A year after giving up 51 points to the Maryland Terrapins, the Texas Longhorns defense played marginally better last Saturday, but not to the standard of coordinator Todd Orlando, who said on Wednesday that he was disappointed with the slow start and the penalties committed by his group.
Despite plenty of preparation time for interim head coach Matt Canada’s offense, which includes plenty of motions, shifts, and misdirection, the Longhorns defense struggled to defend a staple of the offense — the jet sweep.
“The first one, we kind of misread,” Orlando said. “It’s kind of like option football. You can rep it in practice, and then when you see it, live bullets, the speed of it caught us a little off-guard. There were a handful of other ones. It wasn’t a surprise.”
The surprise was that the Longhorns struggled so mightily to defend it after spending four weeks preparing for it — Orlando said his defenders had trouble being disciplined and getting their eyes in the right place to diagnose those plays quickly. The difficulty defending those plays is that the nature of Maryland interim head coach Matt Canada’s offense makes the jet sweep hard to defend, in part because it’s often difficult to even identify who has the football.
On the first jet sweep run by the Terrapins, Longhorns linebacker Gary Johnson got sucked in by the misdirection, ultimately getting in the way of Jeffrey McCulloch, who had properly diagnosed the play more quickly than Johnson.
The touchdown run by standout Maryland freshman Jeshaun Jones revealed another issue with the linebacker corps when Malcolm Roach is at inside linebacker — he simply doesn’t have the sideline-to-sideline speed to ensure outside runs don’t get vertical up the field before he can get to the hash marks.
“I think Malcolm, if you asked him, would have told you that he could play better,” Orlando said. “We’ve got to get better in that spot.”
After Johnson was ejected and Roach was playing with senior Anthony Wheeler, who also lacks the pure speed necessary to play inside linebacker against modern offenses, the lack of range was readily apparent.
A lack of practice reps for junior Jeffrey McCulloch also impacted the game, as McCulloch missed most of preseason camp with a pectoral muscle strain. Orlando seemed to suggest that his snaps against Maryland were limited as a result.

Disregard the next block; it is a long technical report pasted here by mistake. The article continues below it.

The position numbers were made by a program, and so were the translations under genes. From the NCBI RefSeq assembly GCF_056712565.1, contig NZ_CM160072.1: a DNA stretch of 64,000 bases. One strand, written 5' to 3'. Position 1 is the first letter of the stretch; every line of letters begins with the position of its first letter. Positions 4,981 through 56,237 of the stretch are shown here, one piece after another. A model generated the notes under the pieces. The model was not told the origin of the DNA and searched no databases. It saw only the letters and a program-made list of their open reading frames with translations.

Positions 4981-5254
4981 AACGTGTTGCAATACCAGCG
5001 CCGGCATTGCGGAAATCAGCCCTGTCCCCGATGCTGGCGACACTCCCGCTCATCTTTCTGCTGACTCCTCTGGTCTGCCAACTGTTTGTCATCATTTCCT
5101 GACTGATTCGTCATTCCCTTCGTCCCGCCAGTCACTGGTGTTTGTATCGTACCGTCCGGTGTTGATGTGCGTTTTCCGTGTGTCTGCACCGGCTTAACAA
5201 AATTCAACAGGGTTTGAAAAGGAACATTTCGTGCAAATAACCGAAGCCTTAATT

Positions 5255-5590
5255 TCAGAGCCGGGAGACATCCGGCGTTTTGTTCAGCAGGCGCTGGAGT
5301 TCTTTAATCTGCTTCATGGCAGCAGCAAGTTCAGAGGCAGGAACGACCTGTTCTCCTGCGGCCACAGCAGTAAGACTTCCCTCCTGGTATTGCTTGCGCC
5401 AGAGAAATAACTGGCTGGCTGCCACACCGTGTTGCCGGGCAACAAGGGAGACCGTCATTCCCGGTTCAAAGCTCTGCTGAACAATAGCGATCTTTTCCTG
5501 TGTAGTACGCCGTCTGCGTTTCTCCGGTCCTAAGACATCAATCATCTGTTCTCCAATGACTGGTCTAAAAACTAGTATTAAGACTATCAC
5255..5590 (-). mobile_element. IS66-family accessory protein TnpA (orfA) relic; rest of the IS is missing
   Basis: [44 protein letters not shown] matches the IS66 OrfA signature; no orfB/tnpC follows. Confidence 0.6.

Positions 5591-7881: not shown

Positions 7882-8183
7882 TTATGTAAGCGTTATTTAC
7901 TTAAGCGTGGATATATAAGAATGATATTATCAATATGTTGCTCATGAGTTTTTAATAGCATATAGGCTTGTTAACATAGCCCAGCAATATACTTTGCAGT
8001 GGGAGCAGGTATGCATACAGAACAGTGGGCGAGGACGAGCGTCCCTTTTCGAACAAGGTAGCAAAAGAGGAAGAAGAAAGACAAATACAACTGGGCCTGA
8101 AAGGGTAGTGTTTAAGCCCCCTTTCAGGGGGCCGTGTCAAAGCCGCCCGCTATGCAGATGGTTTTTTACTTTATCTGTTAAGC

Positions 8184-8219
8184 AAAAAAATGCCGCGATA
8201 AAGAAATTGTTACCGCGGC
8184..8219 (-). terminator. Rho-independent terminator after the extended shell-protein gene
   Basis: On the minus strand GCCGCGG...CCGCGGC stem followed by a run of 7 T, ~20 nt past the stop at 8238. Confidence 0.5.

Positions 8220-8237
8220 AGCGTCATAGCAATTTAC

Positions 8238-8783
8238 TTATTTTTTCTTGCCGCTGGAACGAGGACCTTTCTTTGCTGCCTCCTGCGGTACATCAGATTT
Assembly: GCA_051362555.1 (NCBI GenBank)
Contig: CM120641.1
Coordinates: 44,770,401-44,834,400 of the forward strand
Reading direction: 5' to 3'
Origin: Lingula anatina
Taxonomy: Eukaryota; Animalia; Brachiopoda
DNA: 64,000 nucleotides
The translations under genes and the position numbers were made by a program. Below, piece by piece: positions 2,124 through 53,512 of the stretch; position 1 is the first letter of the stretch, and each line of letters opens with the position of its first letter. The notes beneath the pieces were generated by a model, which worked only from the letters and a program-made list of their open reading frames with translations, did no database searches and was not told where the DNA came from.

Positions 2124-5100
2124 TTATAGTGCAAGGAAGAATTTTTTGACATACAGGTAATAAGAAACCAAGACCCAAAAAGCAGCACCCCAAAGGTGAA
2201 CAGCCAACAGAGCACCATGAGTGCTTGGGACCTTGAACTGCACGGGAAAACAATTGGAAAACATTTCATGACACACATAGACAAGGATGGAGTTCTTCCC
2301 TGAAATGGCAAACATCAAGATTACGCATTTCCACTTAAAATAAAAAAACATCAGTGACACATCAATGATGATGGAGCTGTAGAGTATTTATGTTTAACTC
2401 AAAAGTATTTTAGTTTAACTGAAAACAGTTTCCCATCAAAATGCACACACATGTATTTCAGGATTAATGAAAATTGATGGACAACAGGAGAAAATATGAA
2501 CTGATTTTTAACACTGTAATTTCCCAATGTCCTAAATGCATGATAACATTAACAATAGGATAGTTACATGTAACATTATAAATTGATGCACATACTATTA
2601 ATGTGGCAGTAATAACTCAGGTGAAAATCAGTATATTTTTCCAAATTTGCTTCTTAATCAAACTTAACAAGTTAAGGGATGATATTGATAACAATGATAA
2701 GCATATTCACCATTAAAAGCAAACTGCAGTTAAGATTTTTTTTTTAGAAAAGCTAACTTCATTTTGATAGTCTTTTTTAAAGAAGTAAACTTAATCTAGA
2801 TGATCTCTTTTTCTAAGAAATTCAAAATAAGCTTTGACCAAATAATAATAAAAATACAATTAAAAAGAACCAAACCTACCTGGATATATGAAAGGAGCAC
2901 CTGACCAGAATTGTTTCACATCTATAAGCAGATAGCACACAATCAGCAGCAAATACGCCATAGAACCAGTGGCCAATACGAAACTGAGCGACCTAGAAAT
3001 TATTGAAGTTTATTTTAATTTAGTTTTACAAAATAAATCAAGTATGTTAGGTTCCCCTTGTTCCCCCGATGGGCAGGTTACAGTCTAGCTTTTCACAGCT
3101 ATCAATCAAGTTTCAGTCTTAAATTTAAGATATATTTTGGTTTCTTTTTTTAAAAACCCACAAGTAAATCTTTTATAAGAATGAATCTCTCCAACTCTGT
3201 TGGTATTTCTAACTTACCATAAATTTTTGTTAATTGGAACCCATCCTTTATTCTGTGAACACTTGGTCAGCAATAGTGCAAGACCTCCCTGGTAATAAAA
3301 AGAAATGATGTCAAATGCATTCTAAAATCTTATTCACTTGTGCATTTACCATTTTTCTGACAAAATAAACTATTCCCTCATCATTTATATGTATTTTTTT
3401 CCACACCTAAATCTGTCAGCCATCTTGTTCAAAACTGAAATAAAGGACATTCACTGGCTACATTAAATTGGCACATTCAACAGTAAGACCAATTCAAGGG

So Orlando clearly has to hope that having Johnson available will help some of those problems and that Wheeler can play better next to Johnson. If he can’t, there aren’t a lot of options, but McCulloch may be the best while freshmen Ayodele Adeoye and DeMarvion Overshown continue to recover from preseason knee injuries.
After giving up 263 yards on 6.1 yards per carry against Maryland last season, Texas did show significant improvement in allowing 143 yards on 3.1 yards per carry last Saturday, it just would have been a much lower number if the Horns had defended the jet sweep better.
Failing to do so, along with allowing the 65-yard touchdown pass to Jones, helped contribute to the 17-point deficit that severely reduced the overall margin for error.
Penalties were also a significant factor in the game’s final outcome, especially penalties committed by the defense.
“Some of the stuff in terms of the penalties, that’s just not us. That’s not what we’re teaching, that’s not disciplined football,” Orlando said.
Some penalties, like the targeting penalty on Johnson, are difficult to avoid because they happen so quickly when a quarterback decides to slide. Orlando said that he teaches his players to try to lift their head at the last second if an opponent opts to slide late, in the hopes that the video booth will see that and not eject the player for leading with their helmet. Most of the big penalties called on the defense were errors of aggression, according to head coach Tom Herman on Monday.
Maryland scored 13 points largely as a result of needless defensive penalties. Longhorns players hit the Terrapins quarterback late multiple times and senior cornerback Kris Boyd picked up a key pass interference penalty on 3rd and long. One drive featured three 15-yard penalties, including the targeting call on Johnson that resulted in his justified ejection.
When combined with the disappointing penalties and the slow start, the lack of turnovers and sacks forced by the defense ensure that the Horns didn’t have a strong chance to win the game.
“We had an opportunity with Kris [Boyd’s] play, which in my opinion if he finishes that, he’s got a chance to score. But, it has been addressed. A 3-0 ratio to go along with explosive plays, you’re not going to win a lot of ball games. We’ve got to get back to that. It’s been emphasized around here all the time. It just didn’t happen.”
Neither did consistent pressure on the quarterback. Orlando said that opponents are now prepared for the schemes that he likes to employ and are choosing to get the ball out quickly to avoid sacks.
When that happens, Orlando depends on his defensive backs to go make a play on the football in man-to-man coverage, especially Boyd, the team’s best cornerback and a preseason All-Big 12 selection.
Even with all those issues, Texas still largely overcame the loss of standout players up the middle and gave the offense multiple chances to win the game late, including holding strong right at the goal line to force a critical field goal.
So there were some positives, just not enough to secure the victory or avoid Orlando’s disappointment on multiple levels.
“There’s no moral victories around here,” Orlando said. “You’re at the University of Texas. You’re expected to win, you’re expected to win anywhere.”